• need to check DA’s along the railway line which might impact on the line - there can be many thousands.
    • used to be done manually, paid $70 per DA, slow, costly and infrequent updates
    • they need to know as soon as the DA comes in as it could pose a high risk to the railway design
  • DABot automates this - it merges geocoded national address file and lot shape datasets, filters for lots on the buffer alighnment, which gives a list of addressses which they can use to search for DA’s matching those addresses.
    • majority of council websites are the same, so same scraper works on most of them
    • NLP pipeline to clean text, then they form a document term matrix, used 200 most imp features
    • ML: went with XGBoost, got 85% Accuracy with a 95% recall
      • maximized recall as they didn’t want to miss high risk DA’s
  • DABot allowed for frequent updates, saved time/money
  • Future: lots of improvements to do, from using word embeddings, deep learning,
    • PostGIS database
    • fully automated pipeline so they can send out automated weekly reports

takeaway: Impressive how a very simple NLP pipeline and application of XGBoost gave them such good usable results. They didn’t even use word embeddings! There is a lesson in this. Build simple, improve later.

Fantastic Blocks And Where To Hide Them

Ruby has blocks. JavaScript has blocks. Swift has blocks. Python doesn’t have blocks.In this talk, we’ll look at why Python doesn’t have blocks, and recent programming techniques that have developed in languages that do have blocks. Then we’ll look at what we – or Python – can do about it! #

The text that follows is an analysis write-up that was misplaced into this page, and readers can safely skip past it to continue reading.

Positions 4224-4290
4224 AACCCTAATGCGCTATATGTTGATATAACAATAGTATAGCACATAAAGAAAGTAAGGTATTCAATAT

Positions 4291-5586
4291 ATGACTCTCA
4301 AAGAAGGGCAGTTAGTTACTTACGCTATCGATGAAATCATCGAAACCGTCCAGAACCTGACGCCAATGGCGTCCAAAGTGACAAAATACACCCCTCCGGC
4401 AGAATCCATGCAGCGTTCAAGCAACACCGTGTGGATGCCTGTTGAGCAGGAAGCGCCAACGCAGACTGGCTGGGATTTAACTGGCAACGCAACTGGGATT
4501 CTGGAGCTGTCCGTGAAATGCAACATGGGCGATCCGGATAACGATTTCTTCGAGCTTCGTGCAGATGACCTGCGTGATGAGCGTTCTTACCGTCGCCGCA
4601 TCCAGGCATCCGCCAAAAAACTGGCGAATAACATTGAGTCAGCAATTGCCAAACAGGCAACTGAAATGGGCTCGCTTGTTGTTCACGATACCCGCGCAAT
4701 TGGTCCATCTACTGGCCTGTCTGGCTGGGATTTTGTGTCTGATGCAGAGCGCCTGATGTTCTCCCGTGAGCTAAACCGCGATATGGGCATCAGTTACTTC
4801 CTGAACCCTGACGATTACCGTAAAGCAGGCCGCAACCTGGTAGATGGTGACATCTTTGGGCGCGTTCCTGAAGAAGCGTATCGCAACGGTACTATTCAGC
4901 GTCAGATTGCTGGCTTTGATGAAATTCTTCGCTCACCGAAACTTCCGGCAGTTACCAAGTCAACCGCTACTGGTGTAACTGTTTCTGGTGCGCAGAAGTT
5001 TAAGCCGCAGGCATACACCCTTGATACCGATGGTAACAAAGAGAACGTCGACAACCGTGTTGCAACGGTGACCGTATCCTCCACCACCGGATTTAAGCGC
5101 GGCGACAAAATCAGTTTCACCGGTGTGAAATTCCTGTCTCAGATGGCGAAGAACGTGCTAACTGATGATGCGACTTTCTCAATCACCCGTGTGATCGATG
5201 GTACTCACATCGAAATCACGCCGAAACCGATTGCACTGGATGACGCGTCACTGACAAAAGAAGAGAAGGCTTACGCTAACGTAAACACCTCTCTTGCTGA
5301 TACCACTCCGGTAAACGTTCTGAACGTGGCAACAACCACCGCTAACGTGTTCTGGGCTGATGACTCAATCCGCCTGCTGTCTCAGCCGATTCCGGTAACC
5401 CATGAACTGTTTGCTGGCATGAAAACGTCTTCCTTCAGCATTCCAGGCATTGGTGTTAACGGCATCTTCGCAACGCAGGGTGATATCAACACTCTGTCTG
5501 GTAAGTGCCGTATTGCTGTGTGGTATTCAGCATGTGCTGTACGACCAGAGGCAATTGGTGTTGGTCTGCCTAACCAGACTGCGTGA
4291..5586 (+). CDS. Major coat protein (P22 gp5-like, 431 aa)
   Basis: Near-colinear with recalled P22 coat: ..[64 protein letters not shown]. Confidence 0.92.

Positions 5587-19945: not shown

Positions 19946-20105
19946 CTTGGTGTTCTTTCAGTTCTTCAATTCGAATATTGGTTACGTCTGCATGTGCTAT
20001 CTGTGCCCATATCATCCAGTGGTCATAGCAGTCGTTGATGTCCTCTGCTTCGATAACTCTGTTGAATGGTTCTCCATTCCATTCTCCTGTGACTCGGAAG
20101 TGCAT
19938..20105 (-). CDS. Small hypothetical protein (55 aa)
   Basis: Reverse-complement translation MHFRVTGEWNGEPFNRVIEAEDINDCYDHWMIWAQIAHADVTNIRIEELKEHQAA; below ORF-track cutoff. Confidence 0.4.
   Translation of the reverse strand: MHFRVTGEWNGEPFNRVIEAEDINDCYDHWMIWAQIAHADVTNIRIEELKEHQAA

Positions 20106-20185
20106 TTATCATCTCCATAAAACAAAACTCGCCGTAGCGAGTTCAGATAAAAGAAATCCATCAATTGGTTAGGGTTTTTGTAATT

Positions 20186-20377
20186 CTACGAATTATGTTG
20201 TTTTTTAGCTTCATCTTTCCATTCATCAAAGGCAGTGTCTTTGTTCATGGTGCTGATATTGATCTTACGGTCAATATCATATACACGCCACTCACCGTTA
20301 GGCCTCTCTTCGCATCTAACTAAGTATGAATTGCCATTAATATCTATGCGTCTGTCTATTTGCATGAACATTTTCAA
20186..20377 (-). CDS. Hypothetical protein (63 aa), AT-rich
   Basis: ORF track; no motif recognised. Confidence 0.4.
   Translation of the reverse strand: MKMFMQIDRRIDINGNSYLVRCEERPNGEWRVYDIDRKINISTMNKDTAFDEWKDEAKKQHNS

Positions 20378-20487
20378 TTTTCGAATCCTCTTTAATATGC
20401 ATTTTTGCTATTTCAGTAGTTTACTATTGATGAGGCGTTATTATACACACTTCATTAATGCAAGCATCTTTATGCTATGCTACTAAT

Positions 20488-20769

• Christopher Neugebauer, @chrisjrn, snr engr at AlphaSights and a director of PSF
  • blocks was last discussed in 2005 for Python, and is unlikely to appear
  • using Kotlin at AlphaSights - Kotlin encourages passing blocks of code around
  • Python isn’t really for functional programming, instead they have list comprehension
  • Blocks: in python you can have a func (many lines) or a lambda (one line long)
    • so you always need to define a func and pass that. In other languages you can easily pass a block of code
  • Context Managers: when opening files, you had to manually close them. Easy to miss. Hence context managers.
    • the python syntax enforced correct behaviour

takeaway: things to thing about. Convention matters.

Profiling Pathogens with (micro) Python

We’re building professional medical diagnostics equipment with micropython. This has come with minimal challenges, many positives and a few surprises! #

  • Andrew Leech, Planet Innovation
  • working with Lumos to develop point of care diagnositcs tests (spinoff of PI)
  • Buid a medical device:
    • hazard and risk based development: at every stage minimise risks
  • Lumos Camera Reader runs micropython, connects to a phone via bluetooth
  • SOuP: Software of unknown povidence
    • for medical devices, you need certified code, or blackbox it.